classification
Title: [subinterpreters] Disallow daemon threads in subinterpreters optionally
Type: behavior Stage: patch review
Components: Subinterpreters Versions: Python 3.9
process
Status: open Resolution:
Dependencies: Superseder:
Assigned To: Nosy List: aeros, eric.snow, grahamd, jcea, pitrou, vstinner
Priority: normal Keywords: patch

Created on 2020-04-08 23:16 by eric.snow, last changed 2020-05-15 01:39 by vstinner.

Pull Requests
URL Status Linked Edit
PR 19456 merged vstinner, 2020-04-10 14:14
Messages (9)
msg366029 - (view) Author: Eric Snow (eric.snow) * (Python committer) Date: 2020-04-08 23:16
In bpo-37266 we strictly disallowed creation of daemon threads in subinterpreters.  However, this is backward-incompatible for existing users of the subinterpreter C-API (such as mod-wsgi).

Rather than reverting that change I suggest that we make it opt-in through the interpreter config.  That would preserve backward-compatibility.  It would also make it so we can disallow daemon threads in subinterpreters created through PEP 554.  We could also deprecate use of daemon threads in *all* subinterpreters, with the goal of dropping support after a while.
msg366079 - (view) Author: STINNER Victor (vstinner) * (Python committer) Date: 2020-04-09 16:52
First of all, I know that mod_wsgi uses subinterpreters, but I didn't know that it uses daemon threads. When I hack Python to better isolate subinterpreters, I keep mod_wsgi in mind ;-)


My commit 066e5b1a917ec2134e8997d2cadd815724314252 message says: "Daemon threads were never supported in subinterpreters." That's inaccurate. Only the second sentence is correct: "Previously, the subinterpreter finalization crashed with a Pyton fatal error if a daemon thread was still running."

In Python 3.8, it is possible to use daemon thread but only if they complete before Py_EndInterpreter() is called.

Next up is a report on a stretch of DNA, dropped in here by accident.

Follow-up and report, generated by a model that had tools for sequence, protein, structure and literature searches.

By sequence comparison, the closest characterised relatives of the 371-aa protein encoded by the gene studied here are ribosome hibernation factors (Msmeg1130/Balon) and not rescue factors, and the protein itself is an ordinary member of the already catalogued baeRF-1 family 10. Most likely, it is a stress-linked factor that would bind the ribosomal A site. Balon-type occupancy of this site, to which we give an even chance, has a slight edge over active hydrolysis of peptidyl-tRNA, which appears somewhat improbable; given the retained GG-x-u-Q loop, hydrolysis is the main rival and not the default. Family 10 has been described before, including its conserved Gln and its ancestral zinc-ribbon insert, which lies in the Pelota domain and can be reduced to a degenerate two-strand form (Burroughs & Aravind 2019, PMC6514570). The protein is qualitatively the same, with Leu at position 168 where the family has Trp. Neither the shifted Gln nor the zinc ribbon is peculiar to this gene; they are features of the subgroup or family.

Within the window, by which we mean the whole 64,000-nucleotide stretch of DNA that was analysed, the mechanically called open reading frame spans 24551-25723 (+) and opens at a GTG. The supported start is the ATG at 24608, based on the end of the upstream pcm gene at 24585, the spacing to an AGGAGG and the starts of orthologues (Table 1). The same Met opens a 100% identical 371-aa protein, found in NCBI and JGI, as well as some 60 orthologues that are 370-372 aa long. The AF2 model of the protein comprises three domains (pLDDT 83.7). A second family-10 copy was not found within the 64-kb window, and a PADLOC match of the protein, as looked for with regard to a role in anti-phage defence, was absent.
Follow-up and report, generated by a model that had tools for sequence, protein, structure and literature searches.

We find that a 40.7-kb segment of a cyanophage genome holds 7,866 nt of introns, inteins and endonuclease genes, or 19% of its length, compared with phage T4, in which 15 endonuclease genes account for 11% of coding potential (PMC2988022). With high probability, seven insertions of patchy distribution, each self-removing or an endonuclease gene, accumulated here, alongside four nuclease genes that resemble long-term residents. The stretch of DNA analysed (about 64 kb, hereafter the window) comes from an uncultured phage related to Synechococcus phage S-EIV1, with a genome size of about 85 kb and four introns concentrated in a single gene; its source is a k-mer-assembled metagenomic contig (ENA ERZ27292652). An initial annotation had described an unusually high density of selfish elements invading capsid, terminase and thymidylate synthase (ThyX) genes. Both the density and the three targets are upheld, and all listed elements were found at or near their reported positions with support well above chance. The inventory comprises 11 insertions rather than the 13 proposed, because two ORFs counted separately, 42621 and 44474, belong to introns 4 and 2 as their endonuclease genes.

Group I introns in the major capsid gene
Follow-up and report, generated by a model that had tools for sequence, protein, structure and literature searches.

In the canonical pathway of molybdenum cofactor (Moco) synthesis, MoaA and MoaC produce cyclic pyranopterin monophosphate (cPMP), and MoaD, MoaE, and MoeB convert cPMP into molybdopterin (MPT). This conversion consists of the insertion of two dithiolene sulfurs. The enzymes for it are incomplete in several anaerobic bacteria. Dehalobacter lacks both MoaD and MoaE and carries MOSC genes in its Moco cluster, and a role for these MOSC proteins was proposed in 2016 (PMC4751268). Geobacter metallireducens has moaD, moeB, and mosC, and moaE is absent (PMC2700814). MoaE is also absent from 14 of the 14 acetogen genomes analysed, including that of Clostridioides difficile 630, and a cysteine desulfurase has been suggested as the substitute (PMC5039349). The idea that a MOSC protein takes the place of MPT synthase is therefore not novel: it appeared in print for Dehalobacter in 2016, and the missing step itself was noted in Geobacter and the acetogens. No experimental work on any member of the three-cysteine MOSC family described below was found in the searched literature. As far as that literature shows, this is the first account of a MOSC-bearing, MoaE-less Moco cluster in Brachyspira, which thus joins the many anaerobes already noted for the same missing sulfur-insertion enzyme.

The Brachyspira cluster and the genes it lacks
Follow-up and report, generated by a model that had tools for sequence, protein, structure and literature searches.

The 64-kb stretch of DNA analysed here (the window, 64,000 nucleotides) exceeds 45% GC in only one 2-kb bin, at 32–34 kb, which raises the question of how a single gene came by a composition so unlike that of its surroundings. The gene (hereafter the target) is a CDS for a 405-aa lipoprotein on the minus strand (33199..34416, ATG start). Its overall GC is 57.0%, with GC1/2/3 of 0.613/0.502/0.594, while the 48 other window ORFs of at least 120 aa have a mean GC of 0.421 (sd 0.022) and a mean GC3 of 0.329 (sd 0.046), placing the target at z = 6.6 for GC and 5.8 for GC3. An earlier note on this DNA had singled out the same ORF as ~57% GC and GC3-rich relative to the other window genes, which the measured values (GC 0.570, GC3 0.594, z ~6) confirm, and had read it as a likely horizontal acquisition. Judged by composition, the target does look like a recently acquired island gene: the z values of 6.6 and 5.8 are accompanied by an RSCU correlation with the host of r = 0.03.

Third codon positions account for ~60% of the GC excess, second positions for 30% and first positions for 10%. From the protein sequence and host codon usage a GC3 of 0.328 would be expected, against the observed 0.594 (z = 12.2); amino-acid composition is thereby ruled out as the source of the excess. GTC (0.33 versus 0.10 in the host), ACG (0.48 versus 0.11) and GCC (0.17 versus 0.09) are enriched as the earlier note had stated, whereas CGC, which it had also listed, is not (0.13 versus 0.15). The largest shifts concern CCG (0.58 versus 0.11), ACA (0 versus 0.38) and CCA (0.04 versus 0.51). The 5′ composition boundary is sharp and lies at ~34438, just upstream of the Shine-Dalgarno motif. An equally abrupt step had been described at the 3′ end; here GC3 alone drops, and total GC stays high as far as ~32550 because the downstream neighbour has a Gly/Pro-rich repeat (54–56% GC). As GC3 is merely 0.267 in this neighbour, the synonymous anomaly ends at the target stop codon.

I'm not comfortable with Python "crashing" (call Py_FatalError() which calls abort() which may generate a coredump) depending if all daemon threads complete or not. I'm trying to make Python finalization more deterministic.


My concern is this Py_EndInterpreter() check:

    if (tstate != interp->tstate_head || tstate->next != NULL) {
        Py_FatalError("not the last thread");
    }


This check is as old as subinterpreters, it was added at the same time than the Py_EndInterpreter() function:

commit 25ce566661c1b7446b3ddb4076513a62f93ce08d
Author: Guido van Rossum <guido@python.org>
Date:   Sat Aug 2 03:10:38 1997 +0000

    The last of the mass checkins for separate (sub)interpreters.
    Everything should now work again.
    
    See the comments for the .h files mass checkin (e.g. pystate.h) for
    more detail.


My concern is that Py_FatalError() exits the whole process, not only the thread calling Py_EndInterpreter(). The caller cannot catch Py_FatalError() call and decide how to handle it :-( That doesn't seem like a good API when Python is embedded in an application.


Recently, I had to deal  with (fix) many bugs related to daemon threads in Python finalization:

* https://vstinner.github.io/gil-bugfixes-daemon-threads-python39.html
* https://vstinner.github.io/threading-shutdown-race-condition.html
* https://vstinner.github.io/daemon-threads-python-finalization-python32.html

Simply denying daemon threads in subinterpreters is the safest and simplest option. But it's also a backward incompatible change.

I'm open to allow again daemon threads in subinterpreter in Python 3.9 but emit a DeprecationWarning to announce that this feature is going to be remove "later" (ex: Python 3.11) since it's "broken by design" (in my opinion).


> We could also deprecate use of daemon threads in *all* subinterpreters, with the goal of dropping support after a while.

It sounds like a good idea to make Python finalization more reliable. But daemon threads are still widely used in the Python standard library. For example, by the multiprocessing module.

concurrent.futures was only modified recently to stop using daemon threads, after I denied spawned daemon threads in subinterpreters:

* bpo-39812
* commit b61b818d916942aad1f8f3e33181801c4a1ed14b

So if someone wants to ban daemon threads, we should start by modifying the stdlib to avoid them, then deprecate the feature, and then we can start talking about removing the feature.